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The UCSF Bioethics Speaker Series with Stephen Molldrem, PhD
The last decade has seen the expanded use of pathogen genetic sequence data in infectious disease research, prevention, and control. During the COVID-19 pandemic, this has been prominently evinced by discourses about SARS-CoV-2 mutations and variants in media reports, public health communications, and scientific papers. In this talk, I draw on my ongoing program of qualitative research within communities of practice in HIV, M. tuberculosis (TB), and SARS-CoV-2 genomic epidemiology. I describe a set of practices, technologies, and infrastructures that I call the new pathogen genomics: the amalgamation of norms, institutions, policies, tools, people, and entities that facilitate uses of pathogen genetic sequence data, often utilizing open data infrastructures. This work also often involves the use of phylogenetic methods that are deployed as open source software packages and distributed online in open science environments. The new pathogen genomics has developed following the digitization of health systems, developments in genomic science that have made sequencing less expensive, the emergence of open genomic pathogen data infrastructures, and the increased use of pathogen genetic sequence data in routine public health work. I offer some methodological parameters for studying the new pathogen genomics using qualitative methods and humanistic approaches, focusing on considerations for bioethics.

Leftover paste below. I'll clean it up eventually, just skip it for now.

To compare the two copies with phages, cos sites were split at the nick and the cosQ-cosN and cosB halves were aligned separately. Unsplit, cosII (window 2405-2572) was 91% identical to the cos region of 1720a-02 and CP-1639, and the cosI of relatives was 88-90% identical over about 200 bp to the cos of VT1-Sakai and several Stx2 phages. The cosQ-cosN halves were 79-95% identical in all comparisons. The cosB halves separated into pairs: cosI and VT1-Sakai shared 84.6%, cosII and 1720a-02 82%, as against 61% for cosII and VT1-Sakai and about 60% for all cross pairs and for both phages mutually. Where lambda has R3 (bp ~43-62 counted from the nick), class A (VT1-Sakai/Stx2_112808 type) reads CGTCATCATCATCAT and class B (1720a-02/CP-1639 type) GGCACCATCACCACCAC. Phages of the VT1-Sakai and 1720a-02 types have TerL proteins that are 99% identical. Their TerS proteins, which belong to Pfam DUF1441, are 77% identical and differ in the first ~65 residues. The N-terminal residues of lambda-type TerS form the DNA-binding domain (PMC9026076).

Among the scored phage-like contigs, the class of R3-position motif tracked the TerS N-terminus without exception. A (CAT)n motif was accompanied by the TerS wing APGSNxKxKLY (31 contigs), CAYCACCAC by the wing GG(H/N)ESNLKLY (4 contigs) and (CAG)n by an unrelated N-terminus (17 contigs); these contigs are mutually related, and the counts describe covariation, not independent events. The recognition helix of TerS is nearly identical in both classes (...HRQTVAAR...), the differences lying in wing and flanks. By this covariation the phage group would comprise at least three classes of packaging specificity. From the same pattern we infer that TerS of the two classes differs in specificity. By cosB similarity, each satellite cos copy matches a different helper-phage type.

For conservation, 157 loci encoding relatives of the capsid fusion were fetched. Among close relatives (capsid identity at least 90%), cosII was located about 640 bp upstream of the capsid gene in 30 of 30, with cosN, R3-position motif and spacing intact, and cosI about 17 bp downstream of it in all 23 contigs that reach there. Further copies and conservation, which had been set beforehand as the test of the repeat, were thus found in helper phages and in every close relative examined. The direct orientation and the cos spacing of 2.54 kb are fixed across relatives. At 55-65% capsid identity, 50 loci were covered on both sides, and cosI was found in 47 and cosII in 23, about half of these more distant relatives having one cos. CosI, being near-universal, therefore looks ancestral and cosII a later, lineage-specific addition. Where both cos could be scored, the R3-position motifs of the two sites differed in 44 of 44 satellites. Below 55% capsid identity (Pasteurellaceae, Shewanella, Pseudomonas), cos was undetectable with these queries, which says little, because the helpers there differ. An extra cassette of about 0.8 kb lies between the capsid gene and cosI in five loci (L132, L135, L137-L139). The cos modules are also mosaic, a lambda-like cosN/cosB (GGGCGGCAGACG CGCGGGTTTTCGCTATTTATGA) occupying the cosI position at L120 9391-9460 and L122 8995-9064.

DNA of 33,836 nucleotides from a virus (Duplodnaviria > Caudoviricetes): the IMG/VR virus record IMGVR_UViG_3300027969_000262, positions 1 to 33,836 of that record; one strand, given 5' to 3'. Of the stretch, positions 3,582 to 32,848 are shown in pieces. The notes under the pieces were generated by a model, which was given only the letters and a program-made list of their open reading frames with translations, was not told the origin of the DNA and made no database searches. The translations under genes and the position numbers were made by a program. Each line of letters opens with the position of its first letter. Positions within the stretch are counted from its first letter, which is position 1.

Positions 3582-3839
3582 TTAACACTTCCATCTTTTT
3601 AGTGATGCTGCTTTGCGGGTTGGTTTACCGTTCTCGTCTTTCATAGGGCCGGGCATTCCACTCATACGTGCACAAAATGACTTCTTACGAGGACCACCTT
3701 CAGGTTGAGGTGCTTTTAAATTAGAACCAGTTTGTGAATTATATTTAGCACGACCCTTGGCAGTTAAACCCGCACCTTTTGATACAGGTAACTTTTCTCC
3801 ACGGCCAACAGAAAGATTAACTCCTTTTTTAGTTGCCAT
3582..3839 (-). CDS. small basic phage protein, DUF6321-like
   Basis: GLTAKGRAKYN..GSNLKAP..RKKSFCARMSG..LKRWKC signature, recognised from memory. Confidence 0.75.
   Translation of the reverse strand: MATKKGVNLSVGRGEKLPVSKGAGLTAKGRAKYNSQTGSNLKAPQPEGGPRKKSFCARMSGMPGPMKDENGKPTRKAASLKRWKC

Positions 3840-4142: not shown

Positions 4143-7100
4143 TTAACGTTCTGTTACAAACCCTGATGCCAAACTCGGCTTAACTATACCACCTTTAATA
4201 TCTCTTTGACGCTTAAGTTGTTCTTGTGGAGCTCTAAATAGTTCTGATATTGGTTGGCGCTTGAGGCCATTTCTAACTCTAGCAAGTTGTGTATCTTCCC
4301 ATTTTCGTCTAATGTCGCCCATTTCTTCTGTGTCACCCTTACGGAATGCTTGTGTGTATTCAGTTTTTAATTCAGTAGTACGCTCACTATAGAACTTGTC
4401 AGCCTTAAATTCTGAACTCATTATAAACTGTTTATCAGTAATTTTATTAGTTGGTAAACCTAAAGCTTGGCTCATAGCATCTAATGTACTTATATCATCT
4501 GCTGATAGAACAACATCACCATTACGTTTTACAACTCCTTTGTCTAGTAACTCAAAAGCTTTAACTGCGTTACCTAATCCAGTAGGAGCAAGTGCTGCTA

Stephen Molldrem, PhD is a UC President’s Postdoctoral Fellow in the University of California, Irvine Department of Anthropology and an incoming Assistant Professor at the University of Texas Medical Branch at Galveston in the Department of Preventive Medicine and Population Health, with membership in the Institute for Bioethics and Health Humanities. Stephen is a qualitative researcher primarily situated in Science and Technology Studies and critical bioethics. His writing on pathogen genomic epidemiology has appeared in The American Journal of Bioethics and Global Public Health.
For questions or concerns please contact Matty Norstad, Bioethics Program Manager, at firstname.lastname@example.org.
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